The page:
Authors

  1. Figuracion, Karl Cristie F.
  2. Jung, Wonkyung
  3. Martha, Sarah R.

Abstract

ABSTRACT: INTRODUCTION: Primary brain tumors are the leading cause of cancer mortality in the United States affecting approximately 90,000 Americans each year. A major complication for brain tumor survivors is acute ischemic stroke (AIS). Currently, there are limited research to provide guidelines for AIS prevention and management in adult brain tumor survivors. The purpose of this review is to discuss the most common risk factors for AIS in adult brain tumor survivors along with best evidence for assessment, screening, and strategies to prevent AIS in this population. METHODS: Relevant literature was identified by searching CINAHL and PubMed databases using the following keywords: "brain tumor survivors," "adults," "stroke," "risk factors," "guidelines," "prevention," and "management". Articles not pertaining to adult brain tumor survivors and AIS were excluded. RESULTS: The location of the tumor, dose, extent, and type of radiation contribute to the development of vascular injury and subsequent carotid stenosis among brain tumor survivors. Endothelial growth factor inhibitor and chemotherapy drugs induces vascular remodeling. Other symptoms such as neurological impairments and co-morbidities are also present among brain tumor survivors. Furthermore, AIS increases from the time of primary brain tumor diagnosis and incidence further increases among patients who were diagnosed with a brain tumor as a child. CONCLUSION: Nurses play a key role in the assessment, prevention, and identifying individuals who are at risk of AIS during brain tumor survivorship. Engaging patients and their caregivers on minimizing their risks of AIS is crucial in the outpatient setting. Annual surveillance visits that include intracranial artery imaging should be used to identify individuals considered most at risk for developing AIS symptoms.

 

Article Content

Primary brain tumors and other central nervous system tumors are the leading cause of cancer mortality in men (<40 years old) and in women (<20 years old) and affect approximately 90 000 Americans each year.1,2 Advances in cancer treatments have led to longer survival in patients with brain tumors. A major complication for brain tumor survivors, defined as those off active treatment, is acute ischemic stroke (AIS).3 AIS becomes more clinically relevant because these patients live longer and the exact prevalence is currently unknown. Currently, there is limited research to provide guidelines for AIS prevention and management in adult brain tumor survivors. For example, the National Comprehensive Cancer Network provides cancer survivorship guidelines for post-cancer therapy with the goal of preventing long-term morbidity and mortality but does not discuss the prevention of AIS.4 In addition, recent guidelines published by the American Heart Association/American Stroke Association (AHA/ASA) detail the prevention and management of AIS yet do not mention the risk of AIS for cancer survivors including patients with brain tumors.3 To better understand the risk of AIS in adult brain tumor survivors, a scientific literature review was conducted to translate evidence to practice. In this review, we will discuss the most common risk factors for AIS in brain tumor survivors along with best evidence for assessment, screening, and treatment to prevent AIS in this population. In addition, we will discuss implications for nursing care in this population.

 

Methods

Relevant literature was identified by searching CINAHL and PubMed databases using the following keywords: "brain tumor survivors," "adults," "stroke," "risk factors," "guidelines," "prevention," and "management." The following restriction criteria were used to narrow the search to the most relevant articles: publication year from 2000 to 2021, English language, adult (>=18 years old), and humans. The literature review was conducted on January 19, 2021; the first and corresponding authors provided the initial screening of literature and full-text reviews. Articles not pertaining to adult brain tumor survivors and AIS were excluded. Relevant articles were identified first by the initial screening of titles and abstracts, followed by full-text review.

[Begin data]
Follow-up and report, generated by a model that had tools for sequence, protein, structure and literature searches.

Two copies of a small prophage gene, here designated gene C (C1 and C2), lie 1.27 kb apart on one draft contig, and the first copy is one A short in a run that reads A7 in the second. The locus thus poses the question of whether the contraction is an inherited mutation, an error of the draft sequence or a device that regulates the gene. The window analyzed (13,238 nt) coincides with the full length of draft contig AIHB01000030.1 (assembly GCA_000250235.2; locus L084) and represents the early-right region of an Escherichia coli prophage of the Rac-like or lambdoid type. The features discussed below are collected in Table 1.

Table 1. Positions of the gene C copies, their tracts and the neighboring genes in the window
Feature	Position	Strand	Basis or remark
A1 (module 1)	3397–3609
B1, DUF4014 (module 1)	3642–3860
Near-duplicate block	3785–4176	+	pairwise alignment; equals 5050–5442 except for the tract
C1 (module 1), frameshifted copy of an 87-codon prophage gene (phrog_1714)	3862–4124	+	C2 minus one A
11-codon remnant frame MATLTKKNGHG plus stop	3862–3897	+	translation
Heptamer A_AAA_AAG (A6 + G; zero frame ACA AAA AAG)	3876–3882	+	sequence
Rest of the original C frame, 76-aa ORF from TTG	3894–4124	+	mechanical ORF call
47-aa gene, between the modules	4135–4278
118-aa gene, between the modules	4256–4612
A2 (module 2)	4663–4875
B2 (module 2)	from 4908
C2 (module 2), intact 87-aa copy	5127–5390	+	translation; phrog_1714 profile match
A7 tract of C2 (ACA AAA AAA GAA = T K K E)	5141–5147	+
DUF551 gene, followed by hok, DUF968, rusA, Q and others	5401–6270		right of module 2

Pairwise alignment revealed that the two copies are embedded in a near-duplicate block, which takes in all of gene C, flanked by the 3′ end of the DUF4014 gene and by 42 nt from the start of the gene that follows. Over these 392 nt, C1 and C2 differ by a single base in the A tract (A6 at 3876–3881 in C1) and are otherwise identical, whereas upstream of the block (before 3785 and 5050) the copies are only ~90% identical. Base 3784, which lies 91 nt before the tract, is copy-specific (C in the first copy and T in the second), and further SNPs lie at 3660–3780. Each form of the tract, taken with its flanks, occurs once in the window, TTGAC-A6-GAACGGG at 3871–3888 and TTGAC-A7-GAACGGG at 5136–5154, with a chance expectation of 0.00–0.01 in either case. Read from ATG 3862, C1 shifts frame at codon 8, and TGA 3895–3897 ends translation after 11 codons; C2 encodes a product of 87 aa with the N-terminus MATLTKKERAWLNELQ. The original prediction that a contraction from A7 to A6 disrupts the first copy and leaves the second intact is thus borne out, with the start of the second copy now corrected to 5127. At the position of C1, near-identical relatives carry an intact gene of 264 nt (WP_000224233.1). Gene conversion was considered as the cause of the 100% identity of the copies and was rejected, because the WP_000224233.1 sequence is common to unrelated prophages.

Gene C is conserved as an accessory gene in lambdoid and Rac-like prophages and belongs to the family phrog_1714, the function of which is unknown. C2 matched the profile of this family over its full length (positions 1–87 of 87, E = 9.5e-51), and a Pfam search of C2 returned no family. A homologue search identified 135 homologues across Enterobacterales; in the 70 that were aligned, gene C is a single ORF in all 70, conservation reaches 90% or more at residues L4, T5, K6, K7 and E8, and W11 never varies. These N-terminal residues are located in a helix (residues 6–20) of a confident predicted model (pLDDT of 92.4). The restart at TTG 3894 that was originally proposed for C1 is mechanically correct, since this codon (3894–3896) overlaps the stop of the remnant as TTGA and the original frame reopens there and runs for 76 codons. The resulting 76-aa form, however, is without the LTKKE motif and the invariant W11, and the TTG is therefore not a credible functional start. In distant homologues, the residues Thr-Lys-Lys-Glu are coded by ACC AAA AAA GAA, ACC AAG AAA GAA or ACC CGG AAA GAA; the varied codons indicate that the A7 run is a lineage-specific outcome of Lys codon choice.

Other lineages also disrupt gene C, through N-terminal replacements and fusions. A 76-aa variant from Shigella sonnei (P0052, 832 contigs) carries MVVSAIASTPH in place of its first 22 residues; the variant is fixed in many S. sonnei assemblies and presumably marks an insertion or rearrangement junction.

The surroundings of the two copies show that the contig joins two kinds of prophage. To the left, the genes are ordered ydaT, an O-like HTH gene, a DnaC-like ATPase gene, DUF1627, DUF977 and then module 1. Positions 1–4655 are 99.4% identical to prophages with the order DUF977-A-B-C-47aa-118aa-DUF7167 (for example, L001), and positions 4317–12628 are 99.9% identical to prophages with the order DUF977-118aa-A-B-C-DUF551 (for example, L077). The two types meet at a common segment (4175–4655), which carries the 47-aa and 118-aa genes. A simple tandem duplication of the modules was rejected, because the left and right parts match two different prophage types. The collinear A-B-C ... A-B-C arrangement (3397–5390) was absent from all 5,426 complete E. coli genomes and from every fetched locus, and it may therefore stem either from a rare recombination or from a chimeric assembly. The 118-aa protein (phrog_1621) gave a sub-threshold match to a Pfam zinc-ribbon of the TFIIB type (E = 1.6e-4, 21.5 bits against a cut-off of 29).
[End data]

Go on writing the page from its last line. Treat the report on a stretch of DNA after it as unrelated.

Acute Ischemic Stroke Prevention

Risk Factors for AIS Related to Demographics and Brain Tumor-Associated Treatments

In this section, we discuss risk factors for AIS among adult brain tumor survivors including demographic factors and brain tumor-associated treatments (eg, radiation, systemic endothelial growth factors inhibitors, chemotherapy, and corticosteroids). In addition, we discuss the complications associated with brain tumors and from brain tumor-associated treatments that negatively impact patient symptoms and outcomes.

 

The incidence of AIS increases with age; older adults (>=65 years old) account for at least 70% of reported cases.5 Additional risk factors for AIS in the general population include sedentary lifestyle, smoking, and preexisting conditions (eg, hypertension, type 2 diabetes, hyperlipidemia, obstructive sleep apnea, depression, obesity, and cancer) as well as a family history of AIS.3 The risk of AIS among all cancer patients is twice as high compared with the general population, with a 7-fold increased risk among brain tumor survivors.6 The potential for AIS increases from the time of primary brain tumor diagnosis (median age at diagnosis is 60 years), and incidence further increases among patients who were given a diagnosis of a brain tumor as a child.7-9

 

Patients with a brain tumor often receive cranial irradiation as part of their treatment. The location of the tumor, dose, extent, and type of radiation contribute to the development of vascular injury and subsequent carotid stenosis among brain tumor survivors.7,8 Radiation-induced intracranial artery stenosis increases the risk of AIS by initiating inflammation that may accelerate the progression of atherosclerosis and lead to hypertension.7 A radiation dose greater than 54 centigray (cGy) to the posterior fossa and the region surrounding the Circle of Willis increases the risk of AIS among brain tumor survivors by 9%, with each additional 100 cGy increasing risk by 5%.10,11 Another study evaluated the AIS rate among patients with meningioma who received stereotactic radiotherapy compared with those receiving proton-photon radiotherapy and found that the rate of AIS was 12 times lower in stereotactic radiotherapy (1.7%) than proton-photon radiotherapy (20.5%) at 5.6 years after radiation.12